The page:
Lieutenant Colonel Edward “Tadd” Sholtis was copied on the above email from McChrystal. Sholtis, a media operative for McChrystal, was also secretly running a blog called “The Quatto Zone,” but the website Mudville Gazette exposed him privately.
After I wrote that McChrystal should be fired, Sholtis secretly sabotaged me. Some of his backchannel communications made their way to me. (Sholtis later admitted unequivocally in writing to being part of a conspiracy.)
During 2010, General McChrystal had a ridiculous media fight after trying to close a few Burger Kings in Afghanistan. There must have been a thousand international stories about the Burger King onslaught. The distraction from the fight with the Taliban and building Afghanistan was a global story. This misplaced priority was symptomatic.
The war had turned into a bloody circus. On March 2, 2010 I published that Canadian Brigadier General Daniel Menard should be fired:
On 15 April 2010, I would be dis-embedded by ISAF for reasons I still do not fully understand. Those reasons probably were related to my writing that General Daniel Menard should be sent home. It didn’t help that Menard is Canadian, and I am American. Menard was the first military person I had ever said should be fired. The silliness of the war had become overwhelming.
McChrystal was trying to control the message and he needed suckers. Experienced war correspondents were the last thing that the Generals wanted around. After dis-embedding me because there was “not enough space,” McChrystal’s public affairs crew embedded a 21-year-old “journalist” with zero experience. His name was Michael Enright.
Mr. Enright spent a few weeks in Afghanistan and he saw no combat. He went home to America, got drunk, and he slashed a taxi driver’s throat. Nearly killed the guy.
Enright’s lawyer, of course, started talking about PTSD.
McChrystal’s crew was on a roll. In addition to Enright, they embedded Michael Hastings from Rolling Stone, during a command trip to Europe. Some of the crew, including McChrystal, reportedly got stumbling drunk with Hastings on 16 April, staggering out of a Paris bar after midnight.
Hasting’s book has the chapter:
APRIL 16, 2010, PARIS
Jake [McChrystal staffer] wobbled up the stairs in the lobby, a glass of beer he’d taken from the bar still in his hand. Charlie [a Colonel] collapsed in a chair in the lobby, checking his Blackberry.”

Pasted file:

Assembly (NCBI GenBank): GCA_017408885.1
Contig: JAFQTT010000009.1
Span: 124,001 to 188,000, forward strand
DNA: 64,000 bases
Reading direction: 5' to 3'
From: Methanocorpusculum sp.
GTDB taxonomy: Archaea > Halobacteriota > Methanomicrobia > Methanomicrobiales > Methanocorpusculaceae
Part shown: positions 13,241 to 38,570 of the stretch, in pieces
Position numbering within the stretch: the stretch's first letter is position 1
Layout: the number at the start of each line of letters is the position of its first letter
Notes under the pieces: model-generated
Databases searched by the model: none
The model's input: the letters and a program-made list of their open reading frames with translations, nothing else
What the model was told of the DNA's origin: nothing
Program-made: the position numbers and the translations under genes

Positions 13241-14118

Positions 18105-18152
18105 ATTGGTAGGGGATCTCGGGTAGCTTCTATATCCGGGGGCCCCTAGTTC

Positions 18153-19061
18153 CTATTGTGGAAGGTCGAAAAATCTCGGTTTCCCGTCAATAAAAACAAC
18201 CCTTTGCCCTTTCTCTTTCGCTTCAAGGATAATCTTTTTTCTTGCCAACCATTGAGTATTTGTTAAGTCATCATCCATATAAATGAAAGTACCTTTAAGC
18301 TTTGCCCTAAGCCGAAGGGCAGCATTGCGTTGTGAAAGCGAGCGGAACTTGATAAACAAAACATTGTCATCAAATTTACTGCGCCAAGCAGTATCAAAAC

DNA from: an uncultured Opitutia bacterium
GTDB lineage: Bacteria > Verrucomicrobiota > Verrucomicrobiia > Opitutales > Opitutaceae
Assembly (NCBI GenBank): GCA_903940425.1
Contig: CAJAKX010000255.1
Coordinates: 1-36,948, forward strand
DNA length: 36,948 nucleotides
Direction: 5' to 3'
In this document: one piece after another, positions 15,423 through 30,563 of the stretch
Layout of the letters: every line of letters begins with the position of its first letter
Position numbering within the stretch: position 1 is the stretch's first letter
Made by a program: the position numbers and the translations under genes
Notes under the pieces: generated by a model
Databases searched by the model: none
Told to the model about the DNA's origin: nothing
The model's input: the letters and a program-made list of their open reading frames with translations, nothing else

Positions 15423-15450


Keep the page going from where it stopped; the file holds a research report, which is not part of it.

“That’s dangerous to do while drunk,” [Hastings] said to him.
On 15 April, the day before they got drunk in Paris, McChrystal’s bunch dis-embedded me in Kandahar. People were calling me crazy for saying that two Generals should be fired. I started to leave Kandahar Airfield to stay downtown in Kandahar City. I was late getting to the house, which was lucky: A truck bomb hit it that night, leaving many dead and injured.
The truck bomb left me stuck on base waiting for an airplane to Jalalabad. Thanks to McChrystal, I had nothing to do. So I revealed that Brigadier General Daniel Menard was having an affair with a staffer. That caused a huge scandal and Menard was later relieved of command. I revealed the case due to his military incompetence, and because I was stuck on base with an idle mind. Strangely, McChrystal accidentally helped Menard get relieved.
After McChrystal’s night of drinking in France, Hastings describes the Paris hangover of 17 April 2010:
The team woke up at seven A.M. the next day. McChrystal allegedly got his seven miles of running in. The staff went up the Eiffel Tower. The generals were worried that other tourists in the elevator car could smell beer on them.
Blackfive swung into action on 18 April, with a rant, and reposted my Facebook entry. I had called Senior Public Affairs people crazy monkeys, but had I known they were actually getting drunk with Rolling Stone when I wrote that, I would have said Crazy Drunken Monkeys:
Approximately a dozen milblogs (many of them current nominees for the 2012 milblog awards), defended McChrystal and attacked me at once. Some claimed to be my friends, but I had never met any of them, and I did not even know most of their names, other than Matt Burden. I had met Matt briefly in Chicago back in 2006.
As for the kinetic war, and the information war, McChrystal had no method. I didn’t see any method. They were monkeys in the cockpit of a war, pushing buttons and trying to sound confident. The war was just a thing that they were doing, and on 16 April, they were doing it in Paris.
For his antics, General McChrystal got called to the main office. The White House. I emailed to the public affairs office of Secretary of Defense Robert Gates to please fire McChrystal and that I would support Petraeus. General Petraeus knows how to win.
Soon, Petraeus was standing there with President Obama. I was watching in rapt amazement, and I pulled out my BlackBerry and I emailed Petraeus right when he was standing there with Obama getting the job.